Issue: 2015 > March > review

Lung ultrasound: routine practice for the next generation of internists

H.R.W. Touw, P.R. Tuinman, H.P.M.M. Gelissen, E. Lust, P.W.G. Elbers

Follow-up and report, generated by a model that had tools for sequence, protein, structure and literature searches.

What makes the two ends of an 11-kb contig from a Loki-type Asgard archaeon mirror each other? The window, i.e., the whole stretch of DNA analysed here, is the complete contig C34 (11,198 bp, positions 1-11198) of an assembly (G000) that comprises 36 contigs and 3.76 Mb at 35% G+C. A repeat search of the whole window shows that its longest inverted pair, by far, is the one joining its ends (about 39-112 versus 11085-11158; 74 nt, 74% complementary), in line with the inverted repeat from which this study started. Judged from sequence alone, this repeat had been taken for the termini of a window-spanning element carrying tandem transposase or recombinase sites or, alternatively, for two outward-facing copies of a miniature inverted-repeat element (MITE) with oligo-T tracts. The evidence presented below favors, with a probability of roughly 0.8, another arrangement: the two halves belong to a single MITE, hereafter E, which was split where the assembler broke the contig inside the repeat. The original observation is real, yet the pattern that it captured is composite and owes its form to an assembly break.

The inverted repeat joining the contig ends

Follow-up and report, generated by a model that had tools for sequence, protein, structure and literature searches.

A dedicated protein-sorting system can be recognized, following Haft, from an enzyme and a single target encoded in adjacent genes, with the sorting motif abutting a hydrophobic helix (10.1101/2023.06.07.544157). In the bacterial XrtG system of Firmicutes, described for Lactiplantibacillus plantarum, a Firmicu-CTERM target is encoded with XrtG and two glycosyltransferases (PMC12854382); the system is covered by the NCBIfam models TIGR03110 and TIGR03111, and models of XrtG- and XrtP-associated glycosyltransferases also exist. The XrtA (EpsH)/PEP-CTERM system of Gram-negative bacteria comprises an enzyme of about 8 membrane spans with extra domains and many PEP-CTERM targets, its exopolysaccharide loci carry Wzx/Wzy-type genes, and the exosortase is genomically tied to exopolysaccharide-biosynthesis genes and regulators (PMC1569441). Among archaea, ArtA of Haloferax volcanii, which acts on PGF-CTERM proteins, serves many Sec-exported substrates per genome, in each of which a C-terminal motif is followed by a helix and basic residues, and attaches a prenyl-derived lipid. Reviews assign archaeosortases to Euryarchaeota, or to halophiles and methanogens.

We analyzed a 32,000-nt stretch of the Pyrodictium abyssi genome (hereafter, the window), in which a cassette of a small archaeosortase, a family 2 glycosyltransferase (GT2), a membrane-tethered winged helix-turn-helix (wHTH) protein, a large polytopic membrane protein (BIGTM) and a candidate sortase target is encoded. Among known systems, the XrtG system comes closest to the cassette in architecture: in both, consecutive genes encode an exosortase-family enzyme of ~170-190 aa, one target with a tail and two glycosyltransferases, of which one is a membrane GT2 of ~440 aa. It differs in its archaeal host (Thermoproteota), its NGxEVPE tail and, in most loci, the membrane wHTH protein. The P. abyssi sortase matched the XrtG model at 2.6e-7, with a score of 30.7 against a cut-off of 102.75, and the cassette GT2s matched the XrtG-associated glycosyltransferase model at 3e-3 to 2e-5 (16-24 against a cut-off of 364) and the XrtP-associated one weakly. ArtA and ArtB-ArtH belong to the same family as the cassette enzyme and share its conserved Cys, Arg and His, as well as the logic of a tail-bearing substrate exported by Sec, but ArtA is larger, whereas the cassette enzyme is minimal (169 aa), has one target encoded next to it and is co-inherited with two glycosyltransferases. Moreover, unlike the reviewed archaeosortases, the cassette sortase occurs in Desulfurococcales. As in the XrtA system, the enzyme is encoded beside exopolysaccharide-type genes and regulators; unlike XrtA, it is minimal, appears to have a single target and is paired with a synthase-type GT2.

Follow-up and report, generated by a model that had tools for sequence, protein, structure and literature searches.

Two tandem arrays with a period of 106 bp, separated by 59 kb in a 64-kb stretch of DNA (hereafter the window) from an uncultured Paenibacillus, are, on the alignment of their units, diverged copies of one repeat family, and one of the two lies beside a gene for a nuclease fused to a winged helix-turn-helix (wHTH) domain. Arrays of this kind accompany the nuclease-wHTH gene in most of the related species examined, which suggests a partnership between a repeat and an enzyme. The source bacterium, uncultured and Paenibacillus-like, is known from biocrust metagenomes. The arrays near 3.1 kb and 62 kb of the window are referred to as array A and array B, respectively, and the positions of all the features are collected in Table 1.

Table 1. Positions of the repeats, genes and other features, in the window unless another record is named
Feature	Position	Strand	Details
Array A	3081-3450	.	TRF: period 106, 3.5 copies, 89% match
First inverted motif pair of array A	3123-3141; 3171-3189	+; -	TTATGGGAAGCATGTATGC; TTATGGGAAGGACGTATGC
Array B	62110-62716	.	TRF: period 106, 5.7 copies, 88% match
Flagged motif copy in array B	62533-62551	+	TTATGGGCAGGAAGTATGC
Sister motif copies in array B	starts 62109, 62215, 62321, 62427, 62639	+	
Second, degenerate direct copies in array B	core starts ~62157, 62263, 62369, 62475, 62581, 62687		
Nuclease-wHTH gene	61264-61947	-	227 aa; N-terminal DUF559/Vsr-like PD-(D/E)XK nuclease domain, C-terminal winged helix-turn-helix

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Background: The lung is at the crossroads of ventilation and circulation and can provide a wealth of diagnostic information. In the past, lung ultrasound (LUS) was considered impossible. However, the interplay between air, fluid and pleurae creates distinctive artefacts. Combinations of these artefacts can help differentiate between various pathological processes, including pulmonary oedema, pneumonia, pulmonary embolism, obstructive airway disease and pneumothorax. LUS, when used by experienced physicians, is superior to chest X-ray and comparable to computed tomography for establishing a diagnosis in acutely dyspnoeic patients. LUS allows for rapid, non-invasive and bedside patient assessment. It is therefore unfortunate that unlike many other medical specialists in the Netherlands, internists have not yet incorporated LUS into their daily practice. Objectives: This review aims to be the starting point for internists wanting to acquire competence in LUS. Review content: This narrative review describes the principles of ultrasound equipment, LUS artefacts, gives practical guidance to perform LUS and provides a road map towards LUS competence. Furthermore, it presents a decision tree to differentiate between causes of acute dyspnoea. Authors conclusions: LUS is a promising diagnostic technique that can be of great help for the internist. It can be applied directly at the bedside and can also be used to follow up on disease progression and therapy. It is our belief that it will replace the stethoscope and that it will be the most used imaging technique in the near future, especially in dyspnoeic patients.